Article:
Dubai: Dubai Internet City, the city’s technology freezone, said on Wednesday that it had seen applications for its start-up programme boom since it introduced the in5 system back in 2013.
The initiative allows small firms to register in the technology park for Dh14,500 annually, providing entrepreneurs with a trade licence, four work visas, and shared office space.
A complaint often voiced by the UAE’s start-ups is the difficulty and cost of establishing a company. Many early-stage entrepreneurs, who have yet to generate any revenue, face red tape and fees running in to the tens of thousands of dirhams to establish themselves as a business entity in the UAE.
“We are trying to remove the red tape, remove the administration, and make it easier to start a technology company in Dubai,” said Ammar Al Malek, executive director of Dubai Internet City.
Of the 120 active start-ups incorporated in Dubai Internet City, 58 per cent have reported a 50 per cent year-on-year growth, according to the freezone, with more than 90 per cent of the firms claiming to have immediate expansion plans.
“We want start-ups to focus on what they do best — their business. We’ll help them with everything else,” Al Malek told Gulf News in an interview at the STEP Conference in Dubai.
At the end of 2017, the programme expanded to include in5 Media, and in5 Design, providing infrastructure such as recording studios, 3D printers, and professional cameras to start-ups.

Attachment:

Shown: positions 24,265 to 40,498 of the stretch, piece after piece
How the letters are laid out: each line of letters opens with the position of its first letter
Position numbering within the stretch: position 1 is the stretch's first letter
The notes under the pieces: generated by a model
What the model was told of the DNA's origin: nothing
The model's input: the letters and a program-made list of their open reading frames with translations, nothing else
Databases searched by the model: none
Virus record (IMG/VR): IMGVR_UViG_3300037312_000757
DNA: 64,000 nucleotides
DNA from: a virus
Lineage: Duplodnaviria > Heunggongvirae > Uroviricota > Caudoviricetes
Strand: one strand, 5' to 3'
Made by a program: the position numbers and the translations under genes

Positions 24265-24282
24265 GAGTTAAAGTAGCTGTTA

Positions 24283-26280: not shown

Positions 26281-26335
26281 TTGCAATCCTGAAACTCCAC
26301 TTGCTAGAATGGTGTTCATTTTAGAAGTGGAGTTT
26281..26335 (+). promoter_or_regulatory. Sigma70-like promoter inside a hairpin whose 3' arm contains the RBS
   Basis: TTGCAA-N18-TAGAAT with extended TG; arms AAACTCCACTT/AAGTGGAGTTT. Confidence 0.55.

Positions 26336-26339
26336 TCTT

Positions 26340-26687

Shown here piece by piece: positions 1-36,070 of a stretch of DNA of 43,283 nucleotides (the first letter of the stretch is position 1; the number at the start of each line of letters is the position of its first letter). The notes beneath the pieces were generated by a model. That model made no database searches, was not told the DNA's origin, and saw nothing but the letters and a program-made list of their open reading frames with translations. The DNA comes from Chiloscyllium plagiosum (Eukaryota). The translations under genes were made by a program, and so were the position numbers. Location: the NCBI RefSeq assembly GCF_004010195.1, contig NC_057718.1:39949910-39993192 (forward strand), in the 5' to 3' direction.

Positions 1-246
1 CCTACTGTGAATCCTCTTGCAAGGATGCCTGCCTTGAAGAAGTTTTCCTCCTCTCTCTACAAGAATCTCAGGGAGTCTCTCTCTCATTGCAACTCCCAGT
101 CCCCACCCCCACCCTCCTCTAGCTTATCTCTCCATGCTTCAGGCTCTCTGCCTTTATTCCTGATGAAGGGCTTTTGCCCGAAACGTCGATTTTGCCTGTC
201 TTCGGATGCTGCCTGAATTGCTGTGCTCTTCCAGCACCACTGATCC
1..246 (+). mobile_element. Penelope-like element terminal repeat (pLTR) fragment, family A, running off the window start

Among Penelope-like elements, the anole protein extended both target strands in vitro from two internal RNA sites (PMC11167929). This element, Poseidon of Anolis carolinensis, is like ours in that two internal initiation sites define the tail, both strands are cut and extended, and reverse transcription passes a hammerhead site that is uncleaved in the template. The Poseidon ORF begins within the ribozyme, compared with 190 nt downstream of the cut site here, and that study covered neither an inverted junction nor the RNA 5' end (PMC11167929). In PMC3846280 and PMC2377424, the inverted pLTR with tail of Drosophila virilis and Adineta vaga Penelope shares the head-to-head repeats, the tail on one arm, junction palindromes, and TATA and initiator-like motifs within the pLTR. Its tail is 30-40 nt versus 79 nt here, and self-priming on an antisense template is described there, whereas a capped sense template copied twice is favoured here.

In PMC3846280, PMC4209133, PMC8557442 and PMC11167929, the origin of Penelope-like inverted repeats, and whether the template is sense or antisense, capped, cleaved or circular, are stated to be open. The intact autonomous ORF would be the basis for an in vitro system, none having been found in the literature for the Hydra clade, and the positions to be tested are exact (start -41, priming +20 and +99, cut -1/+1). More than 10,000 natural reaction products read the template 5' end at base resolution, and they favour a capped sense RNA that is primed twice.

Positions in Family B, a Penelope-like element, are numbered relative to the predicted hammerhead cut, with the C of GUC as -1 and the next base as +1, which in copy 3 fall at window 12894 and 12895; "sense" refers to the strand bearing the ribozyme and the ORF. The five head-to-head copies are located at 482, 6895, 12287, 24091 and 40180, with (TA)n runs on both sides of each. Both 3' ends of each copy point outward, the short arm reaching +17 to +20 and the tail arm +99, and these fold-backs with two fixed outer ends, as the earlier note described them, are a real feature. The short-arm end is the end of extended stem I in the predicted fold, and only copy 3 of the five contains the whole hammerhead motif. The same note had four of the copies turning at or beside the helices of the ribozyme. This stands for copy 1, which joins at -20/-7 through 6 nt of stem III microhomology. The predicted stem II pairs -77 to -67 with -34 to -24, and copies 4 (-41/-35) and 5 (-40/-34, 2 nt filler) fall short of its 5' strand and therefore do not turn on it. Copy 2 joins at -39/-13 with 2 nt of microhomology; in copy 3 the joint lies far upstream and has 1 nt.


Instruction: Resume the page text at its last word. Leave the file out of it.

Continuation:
Al Malek says that in recent years, he has seen the number of companies touting artificial intelligence (AI), e-commerce, big data, and cybersecurity solutions grow rapidly.
“We’re focusing on these ones because there’s synergies in them,” he said, adding that there were no plans currently to expand the initiative to any other industries following December’s inclusion of media and design.
On the rise of other freezones as technology hubs, including Dubai International Financial Centre’s (DIFC) FinTech Hive, and Abu Dhabi Global Market’s (ADGM) FinTech Innovation Centre, the senior official said that he does not view them as competition.
“Dubai Internet City is unique, and it has taken us 17 years to build this network, but all of Dubai is working together towards building a shared ecosystem,” Al Malek said.
Earlier this month, the freezone announced that members of the Dubai Internet City (DIC) community had collectively attracted Dh7.8 billion in funding since its inception as a business hub.
Over the last 12 months particularly, several DIC partners have attracted strong investments, officials said.
These include the acquisition of e-retailer Souq.com by US e-commerce giant Amazon for an undisclosed sum. The deal is estimated to have been in the region of Dh2.2 billion ($600 million).
Dubai-based ride-hailing app Careem became a unicorn, referring to a start-up valued at a billion dollars or more, in December 2016.